Currently, CAP 722H only contains details of PDRA01. This allows for operations in congested areas at what are considered to be safe clearances from uninvolved people and assemblies of people (or crowds). It is the most basic of authorisations and one that has been in existence in varying forms for many years. The concern is that if the RPAS team can’t understand and risk assess such a well understood (by some) type of operation, then how will it ever be considered safe to expand to more complex operations using this methodology? There are many sources of wisdom on PDRA01 but we know there will be far fewer on whatever more complex PDRAs are to follow.
It is therefore critical that the regulator proves that it has the processes and quality controls in place to correct PDRA01 before it attempts to launch further, more complex risk assessments.
How did Eyeup review version 2?
This was relatively straightforward, though very time consuming. As explained above, the CAP contains a risk assessment. That risk assessment details the mitigations that the regulator expects to see in an operations manual. The document is therefore key to anybody producing a compliant operations manual template… which is something I intended to do.
Part of the issue is turning the “painting by numbers” approach to risk assessment into a meaningful document. This is the time consuming part as it effectively requires a lookup table of the mitigations which are coded into the risk assessment table. Lost yet? Then take a look at the example below
All of those numbered mitigations appear below the end of the full risk assessment and it takes a great deal of effort to make sense of which need to be included in a working risk assessment. Fortunately, this work has been done for you by Eyeup and is available as a practical and fully compliant operations manual.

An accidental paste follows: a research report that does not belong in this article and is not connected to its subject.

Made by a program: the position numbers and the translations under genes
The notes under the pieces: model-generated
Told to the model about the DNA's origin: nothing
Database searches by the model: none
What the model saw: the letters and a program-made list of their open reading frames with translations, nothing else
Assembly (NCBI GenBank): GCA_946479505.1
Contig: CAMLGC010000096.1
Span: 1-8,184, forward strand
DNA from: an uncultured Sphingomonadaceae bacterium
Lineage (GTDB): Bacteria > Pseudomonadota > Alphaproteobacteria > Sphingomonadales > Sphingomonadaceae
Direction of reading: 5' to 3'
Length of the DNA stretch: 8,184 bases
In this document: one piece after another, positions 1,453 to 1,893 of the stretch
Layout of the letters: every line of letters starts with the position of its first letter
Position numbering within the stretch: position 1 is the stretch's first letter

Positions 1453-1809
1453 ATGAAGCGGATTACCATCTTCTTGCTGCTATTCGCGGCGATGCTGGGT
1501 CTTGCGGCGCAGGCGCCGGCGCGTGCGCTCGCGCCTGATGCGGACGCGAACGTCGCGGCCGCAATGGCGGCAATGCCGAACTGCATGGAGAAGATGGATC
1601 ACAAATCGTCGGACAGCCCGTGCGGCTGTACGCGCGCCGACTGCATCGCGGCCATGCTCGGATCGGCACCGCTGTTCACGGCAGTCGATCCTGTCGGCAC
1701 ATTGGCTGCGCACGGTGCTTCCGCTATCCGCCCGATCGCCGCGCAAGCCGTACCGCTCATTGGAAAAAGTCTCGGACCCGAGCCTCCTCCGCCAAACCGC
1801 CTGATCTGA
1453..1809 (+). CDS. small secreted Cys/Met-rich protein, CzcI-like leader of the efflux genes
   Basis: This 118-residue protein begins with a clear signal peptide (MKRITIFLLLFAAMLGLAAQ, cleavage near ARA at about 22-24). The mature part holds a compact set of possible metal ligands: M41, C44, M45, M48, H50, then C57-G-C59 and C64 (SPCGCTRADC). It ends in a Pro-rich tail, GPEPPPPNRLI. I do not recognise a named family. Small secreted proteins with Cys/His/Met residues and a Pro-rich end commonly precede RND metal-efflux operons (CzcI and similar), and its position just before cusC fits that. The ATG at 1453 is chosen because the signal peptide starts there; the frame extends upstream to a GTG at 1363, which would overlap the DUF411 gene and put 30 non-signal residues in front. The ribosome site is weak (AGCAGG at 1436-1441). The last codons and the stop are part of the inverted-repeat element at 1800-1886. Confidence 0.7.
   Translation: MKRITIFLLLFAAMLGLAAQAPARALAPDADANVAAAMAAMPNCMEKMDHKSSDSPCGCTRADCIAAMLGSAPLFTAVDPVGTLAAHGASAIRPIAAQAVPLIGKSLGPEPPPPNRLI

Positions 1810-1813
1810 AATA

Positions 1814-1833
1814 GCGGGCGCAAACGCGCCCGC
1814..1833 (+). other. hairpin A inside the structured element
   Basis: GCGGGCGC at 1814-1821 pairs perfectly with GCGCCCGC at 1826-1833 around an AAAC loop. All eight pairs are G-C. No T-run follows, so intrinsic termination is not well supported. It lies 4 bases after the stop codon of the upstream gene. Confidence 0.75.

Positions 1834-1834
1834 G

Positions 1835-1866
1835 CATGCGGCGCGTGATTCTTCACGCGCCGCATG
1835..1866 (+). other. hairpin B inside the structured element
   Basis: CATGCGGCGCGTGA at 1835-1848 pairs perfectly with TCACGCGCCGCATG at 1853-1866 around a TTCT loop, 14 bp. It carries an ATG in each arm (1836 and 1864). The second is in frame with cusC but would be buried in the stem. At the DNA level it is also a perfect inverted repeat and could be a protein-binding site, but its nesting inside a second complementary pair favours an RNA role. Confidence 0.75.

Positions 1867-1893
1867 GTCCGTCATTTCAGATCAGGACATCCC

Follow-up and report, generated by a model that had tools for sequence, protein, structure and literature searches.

Using the document for the purpose it was intended is the equivalent of sending a new car around a test track to make sure it can do everything the designers expect. Eyeup has effectively road-tested CAP 722H v2…and found it wanting. Fortunately, as an experienced UAS operator, I am in a position to spot the errors in the document and ensure that they are corrected to the safe and legal side.
Sadly, if you were to mitigate using exactly what is written in the official document, you could find yourself operating outside your Operational Authorisation and therefore the law…despite following the guidance provided that backs the Operational Authorisation.
The Oversight Report.
The full oversight report consists of 8 pages. It is quite detailed and provides a basis for correction of the CAP document. It does not pretend to be a complete and comprehensive correction document. This is because the risk assessment itself is in the gift of the regulator. It is not our place to provide the mitigations or to place the correct mitigations against specific hazards. Eyeup is limited to pointing out the obvious errors. Unfortunately, there are so many of these that the veracity of the whole risk assessment is brought into question, indicating the need for a root an branch review.
As ever, Eyeup extends a hand of co-operation to the regulator. The CAA may not like appreciate the tone or approach of Eyeup in terms of criticism of its work, but I hope it can see that there is value in having external oversight of its operations. I would hope so, given that this is precisely what it does to UAS operators working in the specific category.
The link will take you to a view only document stored on OneDrive.